Students of the former Everest University Florida could be eligible for student loan relief if they cannot afford to repay their student loans that have not already been forgiven.

U.S. Education Secretary Arne Duncan promised relief Monday for tens of thousands of students who attended Everest or other campuses run by embattled for-profit Corinthian Colleges Inc.

Until now, only about 16,000 students — those who attended schools that suddenly closed in April — have been eligible for debt forgiveness. The new policy allows other students to seek debt forgiveness if they believe that they were victims of fraudulent marketing and recruiting practices.

"Question: Did you partake in a phone sales session with a recruiter from Everest University?" We will be asking you about what happened during your telephone consultation.

The Education Department also extended loan forgiveness to students whose schools eventually closed, as long as they withdrew after June 20, 2014 — the day that Corinthian announced the department had restricted its access to federal aid.

Corinthian's collapse came after years of federal and state investigations into alleged falsification of student job-placement rates and misleading marketing campaigns. The Education Department called Corinthian's closure in April "the largest college shutdown in American history."

Education Department officials said the goal was to balance the interests of students and taxpayers. To get a sense of the federal government's investment in Corinthian, consider this: Since 2010, the company enrolled nearly 350,000 students who took out federal loans worth about $3.5 billion.

Corinthian sold the Pompano Beach campus and 52 others in 17 states in February to the newly created nonprofit Zenith Education Group Inc., an affiliate of ECMC Group., a nonprofit guaranty agency and a U.S. Department of Education's contractor overseeing student loan bankruptcy services.

Corinthian then closed its remaining 28 campuses and filed for bankruptcy last month.

Education administrators said they were "creating a process to make it as easy as possible" for borrowers who think Corinthian defrauded them.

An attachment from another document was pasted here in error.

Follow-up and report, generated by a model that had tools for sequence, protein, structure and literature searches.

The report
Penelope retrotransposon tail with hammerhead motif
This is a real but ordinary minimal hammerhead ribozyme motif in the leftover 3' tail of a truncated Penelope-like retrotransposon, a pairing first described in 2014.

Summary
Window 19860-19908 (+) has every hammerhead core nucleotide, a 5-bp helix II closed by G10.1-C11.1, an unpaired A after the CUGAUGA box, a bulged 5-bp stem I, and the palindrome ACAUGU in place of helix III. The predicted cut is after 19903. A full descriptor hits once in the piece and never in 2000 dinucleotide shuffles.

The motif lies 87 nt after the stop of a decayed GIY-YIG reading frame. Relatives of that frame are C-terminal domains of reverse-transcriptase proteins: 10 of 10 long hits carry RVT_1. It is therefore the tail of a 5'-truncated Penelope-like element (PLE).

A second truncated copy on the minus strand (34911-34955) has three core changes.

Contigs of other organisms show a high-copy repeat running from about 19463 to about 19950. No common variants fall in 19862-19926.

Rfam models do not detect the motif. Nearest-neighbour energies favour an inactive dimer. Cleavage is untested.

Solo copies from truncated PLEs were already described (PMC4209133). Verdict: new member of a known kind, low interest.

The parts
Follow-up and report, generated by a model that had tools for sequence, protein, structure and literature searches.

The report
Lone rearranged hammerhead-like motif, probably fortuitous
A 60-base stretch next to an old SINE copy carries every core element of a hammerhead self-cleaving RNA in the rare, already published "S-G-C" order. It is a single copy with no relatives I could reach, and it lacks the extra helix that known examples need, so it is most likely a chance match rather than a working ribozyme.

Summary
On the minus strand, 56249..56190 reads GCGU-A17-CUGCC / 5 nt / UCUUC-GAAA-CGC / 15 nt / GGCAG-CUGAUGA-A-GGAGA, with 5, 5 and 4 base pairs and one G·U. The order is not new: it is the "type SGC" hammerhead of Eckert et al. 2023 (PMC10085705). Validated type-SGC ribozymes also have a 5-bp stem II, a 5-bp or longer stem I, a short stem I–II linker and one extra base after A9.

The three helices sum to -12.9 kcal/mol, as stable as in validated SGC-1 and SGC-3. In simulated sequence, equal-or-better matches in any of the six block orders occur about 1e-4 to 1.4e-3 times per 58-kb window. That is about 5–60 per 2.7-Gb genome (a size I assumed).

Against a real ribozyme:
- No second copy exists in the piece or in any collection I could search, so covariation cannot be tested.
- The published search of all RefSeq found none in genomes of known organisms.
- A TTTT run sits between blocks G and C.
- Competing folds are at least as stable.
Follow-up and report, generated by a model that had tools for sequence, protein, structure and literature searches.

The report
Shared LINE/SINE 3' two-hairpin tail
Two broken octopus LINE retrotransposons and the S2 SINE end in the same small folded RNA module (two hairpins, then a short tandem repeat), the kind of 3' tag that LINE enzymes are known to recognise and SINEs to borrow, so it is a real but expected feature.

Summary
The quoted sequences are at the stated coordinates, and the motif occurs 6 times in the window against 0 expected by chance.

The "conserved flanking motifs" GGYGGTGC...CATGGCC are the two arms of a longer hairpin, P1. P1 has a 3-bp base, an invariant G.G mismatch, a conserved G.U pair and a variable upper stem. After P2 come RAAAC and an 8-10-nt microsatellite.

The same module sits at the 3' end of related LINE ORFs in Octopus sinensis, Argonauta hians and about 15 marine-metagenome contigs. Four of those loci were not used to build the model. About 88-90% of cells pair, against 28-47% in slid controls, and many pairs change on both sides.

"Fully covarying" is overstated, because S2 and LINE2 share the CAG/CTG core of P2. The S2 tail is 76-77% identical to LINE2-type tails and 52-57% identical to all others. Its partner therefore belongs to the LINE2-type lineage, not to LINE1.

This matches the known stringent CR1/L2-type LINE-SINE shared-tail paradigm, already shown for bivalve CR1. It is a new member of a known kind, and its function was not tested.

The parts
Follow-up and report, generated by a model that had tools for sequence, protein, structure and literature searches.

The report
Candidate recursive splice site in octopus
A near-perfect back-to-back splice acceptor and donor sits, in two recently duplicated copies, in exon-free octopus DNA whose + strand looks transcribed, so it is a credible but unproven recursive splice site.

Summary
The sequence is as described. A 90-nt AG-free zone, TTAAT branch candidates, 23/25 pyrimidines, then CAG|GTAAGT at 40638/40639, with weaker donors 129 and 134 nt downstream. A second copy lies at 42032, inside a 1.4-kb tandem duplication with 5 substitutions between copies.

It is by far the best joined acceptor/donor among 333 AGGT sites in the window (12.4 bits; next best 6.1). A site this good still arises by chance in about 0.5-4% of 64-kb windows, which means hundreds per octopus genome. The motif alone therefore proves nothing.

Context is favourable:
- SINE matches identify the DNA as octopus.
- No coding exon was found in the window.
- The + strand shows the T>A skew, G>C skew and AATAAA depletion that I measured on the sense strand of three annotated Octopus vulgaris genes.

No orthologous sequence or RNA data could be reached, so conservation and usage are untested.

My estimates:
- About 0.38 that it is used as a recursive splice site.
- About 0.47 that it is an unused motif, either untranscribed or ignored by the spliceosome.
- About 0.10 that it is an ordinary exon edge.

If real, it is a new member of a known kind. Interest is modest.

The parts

Current Everest students with loans from Corinthian's administration can apply to have then forgiven and their cases will be reviewed, a U.S. Education spokesman said Tuesday.

Any student who believes his or her institution violated state law can seek a defense against repayment, the spokesman said.

Angie Onofray, a paralegal in Boca Raton, said Tuesday that she will apply for the debt forgiveness because Everest told her that if she took out loans her credits would be accepted at other colleges if she wanted to obtain a higher degree.

Since then, she said, she's already been told at several four-year colleges that most of her Everest classes won't transfer. "It's crazy," said Onofray, who said she took out thousands of dollars of student loans to attend Everest.

"I've been trying for years to get some debt relief," she said. "I feel like I've been beating a dead horse. Nothing has helped."

Nevertheless, she said she would request relief under the new plan. Former students who apply can stop paying their loans until the department resolves their claims.

If you, your loved ones of friends attended Everest University in Florida you may be eligible for complete loan forgiveness.  

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